Brexit enters the OED
The world of politics is a fruitful area for new words, as linguistic innovation is pressed to keep up with regular changes in society, policy, and personnel. In the Oxford English Dictionary’s last update, in September, we added Westminster bubble, slacktivism, and more, and we can be sure that political words and phrases like these will keep coming.
The best – those that make a lasting impression on our language, and in the pages of the OED – fill a gap in our collective vocabulary. As the old saying almost goes, necessity is the mother of lexical invention; and political language is no exception. ‘Oh, if only we had a word to describe Elbridge Gerry’s efforts to rearrange electoral district boundaries to his advantage,’ someone might have said in 1812 Massachusetts. BAM! Gerrymandering. Still in use over 200 years later.
Similarly, two economists writing a paper early in 2012 decided that having to write ‘the (potential) withdrawal of Greece from the eurozone monetary union’ more than once would be something of a chore. What to do? Come up with a snappy single-word replacement by blending Greek and exit: Grexit. Then watch as it’s overtaken by a relation spawned just three months later, by a writer trying to avoid repeating ‘the (proposed) withdrawal of the United Kingdom from the European Union, and the political process associated with it’.
And so the word Brexit was with us by May 2012. Within a few years it would be used by everyone from the Prime Minister down as the name for the largest political event in the United Kingdom’s recent history. (Presumably the more accurate UKexit didn’t appeal; we can see that Brixit was attempted, but lacked staying power.)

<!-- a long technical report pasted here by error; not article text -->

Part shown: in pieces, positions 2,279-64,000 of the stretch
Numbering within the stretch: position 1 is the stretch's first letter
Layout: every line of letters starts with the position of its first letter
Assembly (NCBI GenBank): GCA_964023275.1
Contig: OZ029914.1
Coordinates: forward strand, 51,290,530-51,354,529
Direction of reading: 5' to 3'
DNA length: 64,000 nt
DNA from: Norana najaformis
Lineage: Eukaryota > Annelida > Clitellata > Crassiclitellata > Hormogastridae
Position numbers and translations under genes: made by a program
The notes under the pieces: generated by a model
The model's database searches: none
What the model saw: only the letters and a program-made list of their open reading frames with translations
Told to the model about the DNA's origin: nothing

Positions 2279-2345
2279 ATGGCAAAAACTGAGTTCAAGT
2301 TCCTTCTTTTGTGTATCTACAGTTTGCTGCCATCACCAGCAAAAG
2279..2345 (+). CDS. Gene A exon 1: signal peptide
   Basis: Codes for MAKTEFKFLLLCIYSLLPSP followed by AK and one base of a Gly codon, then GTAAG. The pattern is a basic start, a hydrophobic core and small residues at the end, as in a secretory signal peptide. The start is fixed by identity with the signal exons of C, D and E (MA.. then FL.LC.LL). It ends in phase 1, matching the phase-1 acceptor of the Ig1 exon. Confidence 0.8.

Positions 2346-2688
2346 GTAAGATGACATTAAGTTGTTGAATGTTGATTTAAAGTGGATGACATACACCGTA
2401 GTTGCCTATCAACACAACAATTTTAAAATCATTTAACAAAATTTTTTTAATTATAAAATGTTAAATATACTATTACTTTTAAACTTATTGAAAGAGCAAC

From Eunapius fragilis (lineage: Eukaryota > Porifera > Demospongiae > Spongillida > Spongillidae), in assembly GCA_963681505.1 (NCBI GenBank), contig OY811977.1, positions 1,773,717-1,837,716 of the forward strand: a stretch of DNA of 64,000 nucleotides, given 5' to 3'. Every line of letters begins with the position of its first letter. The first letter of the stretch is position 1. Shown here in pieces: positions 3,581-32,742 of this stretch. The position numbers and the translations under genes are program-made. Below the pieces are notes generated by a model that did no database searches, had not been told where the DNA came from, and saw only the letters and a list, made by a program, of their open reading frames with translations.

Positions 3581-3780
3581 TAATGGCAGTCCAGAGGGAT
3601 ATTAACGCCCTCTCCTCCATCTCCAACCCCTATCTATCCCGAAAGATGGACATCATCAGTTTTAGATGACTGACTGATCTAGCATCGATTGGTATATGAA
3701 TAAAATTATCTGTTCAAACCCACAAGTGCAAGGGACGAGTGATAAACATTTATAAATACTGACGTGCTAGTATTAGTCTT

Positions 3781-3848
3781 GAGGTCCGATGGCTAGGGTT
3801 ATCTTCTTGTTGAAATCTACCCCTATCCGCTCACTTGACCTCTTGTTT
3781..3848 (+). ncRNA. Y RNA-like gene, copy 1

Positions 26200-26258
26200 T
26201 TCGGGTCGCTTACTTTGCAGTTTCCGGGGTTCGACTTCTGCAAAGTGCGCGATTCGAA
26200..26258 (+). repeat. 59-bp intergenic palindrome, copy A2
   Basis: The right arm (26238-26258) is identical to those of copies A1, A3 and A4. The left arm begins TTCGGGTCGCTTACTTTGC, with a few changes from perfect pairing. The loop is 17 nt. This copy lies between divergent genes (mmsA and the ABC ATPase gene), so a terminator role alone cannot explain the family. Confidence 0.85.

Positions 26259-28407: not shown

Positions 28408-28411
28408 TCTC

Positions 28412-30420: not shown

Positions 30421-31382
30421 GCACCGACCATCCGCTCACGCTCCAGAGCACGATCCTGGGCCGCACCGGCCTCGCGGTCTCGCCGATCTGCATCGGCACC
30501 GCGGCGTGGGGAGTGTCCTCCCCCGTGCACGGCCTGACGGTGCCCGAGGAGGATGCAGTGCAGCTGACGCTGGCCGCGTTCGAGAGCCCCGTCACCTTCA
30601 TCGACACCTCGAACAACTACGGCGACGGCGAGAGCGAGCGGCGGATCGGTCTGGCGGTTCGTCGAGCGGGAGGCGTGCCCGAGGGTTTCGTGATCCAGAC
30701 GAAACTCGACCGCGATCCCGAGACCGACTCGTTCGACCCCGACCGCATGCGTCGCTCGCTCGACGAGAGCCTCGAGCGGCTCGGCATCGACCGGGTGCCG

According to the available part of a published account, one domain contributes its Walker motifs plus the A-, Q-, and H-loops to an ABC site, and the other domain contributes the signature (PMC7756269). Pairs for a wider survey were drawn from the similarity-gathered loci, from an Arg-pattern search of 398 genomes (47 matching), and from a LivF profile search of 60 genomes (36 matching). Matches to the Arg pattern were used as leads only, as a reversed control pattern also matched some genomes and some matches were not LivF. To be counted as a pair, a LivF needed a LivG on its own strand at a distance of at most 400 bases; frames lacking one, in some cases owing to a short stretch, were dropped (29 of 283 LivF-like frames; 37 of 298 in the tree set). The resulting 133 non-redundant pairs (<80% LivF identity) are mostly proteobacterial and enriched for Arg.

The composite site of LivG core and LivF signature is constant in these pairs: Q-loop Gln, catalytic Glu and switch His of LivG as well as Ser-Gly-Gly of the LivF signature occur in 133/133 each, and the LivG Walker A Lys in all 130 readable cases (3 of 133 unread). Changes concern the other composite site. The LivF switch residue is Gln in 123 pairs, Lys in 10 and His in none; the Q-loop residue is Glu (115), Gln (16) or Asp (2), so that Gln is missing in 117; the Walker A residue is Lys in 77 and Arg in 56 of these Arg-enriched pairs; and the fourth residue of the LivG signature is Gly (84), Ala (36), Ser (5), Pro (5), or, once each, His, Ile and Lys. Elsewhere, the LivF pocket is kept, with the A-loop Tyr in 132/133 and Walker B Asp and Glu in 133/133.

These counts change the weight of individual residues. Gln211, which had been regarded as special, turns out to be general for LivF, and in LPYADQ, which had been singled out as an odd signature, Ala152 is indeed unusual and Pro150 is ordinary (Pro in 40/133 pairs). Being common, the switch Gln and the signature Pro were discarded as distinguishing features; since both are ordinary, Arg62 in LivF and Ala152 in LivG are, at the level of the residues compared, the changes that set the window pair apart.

Brexit’s inclusion in the OED December update within five years of being coined is highly unusual. The speed with which it became widely used and recognized was impressive, fuelled by the fact it filled an empty space in our language, and the growing importance of the phenomenon it described. Foreign language newspapers used it on their front pages to report on the referendum, knowing that readers in Italian, French, and Polish would understand. By late 2016 it was a global word.
And not only did it spread, it reproduced. Just as Brexit itself had developed from Grexit, other words began to appear: Brexiteer, Brexiter, Brexit as a verb. Different forms of Brexit became key to the issue, with the addition of hard and soft creating new standalone terms. The word became a linguistic wellspring, pouring out new items at speed, even if some – Bregret, Bremorse, Brexodus – seemed to be trying too hard, and none has yet shown sufficient durability to enter the OED.
From a lexicographical point of view, the interesting thing about adding Brexit to the OED now is that it’s still evolving. We’re caught up in its history, as we can see by considering another relation: post-Brexit. This can be used to refer to the period immediately after the referendum (post-Brexit gloom/celebrations); the current period (post-Brexit financial markets); and the post-departure future (post-Brexit freedom of movement).
So as the politicians continue to figure out the big picture, we’ll be watching with interest to see what happens linguistically. And spare a thought for us lexicographers, having to decide what Brexit means before anybody else. But perhaps it should have been easy; after all, Brexit means Brexit.
A version of this article originally appeared on OED.com.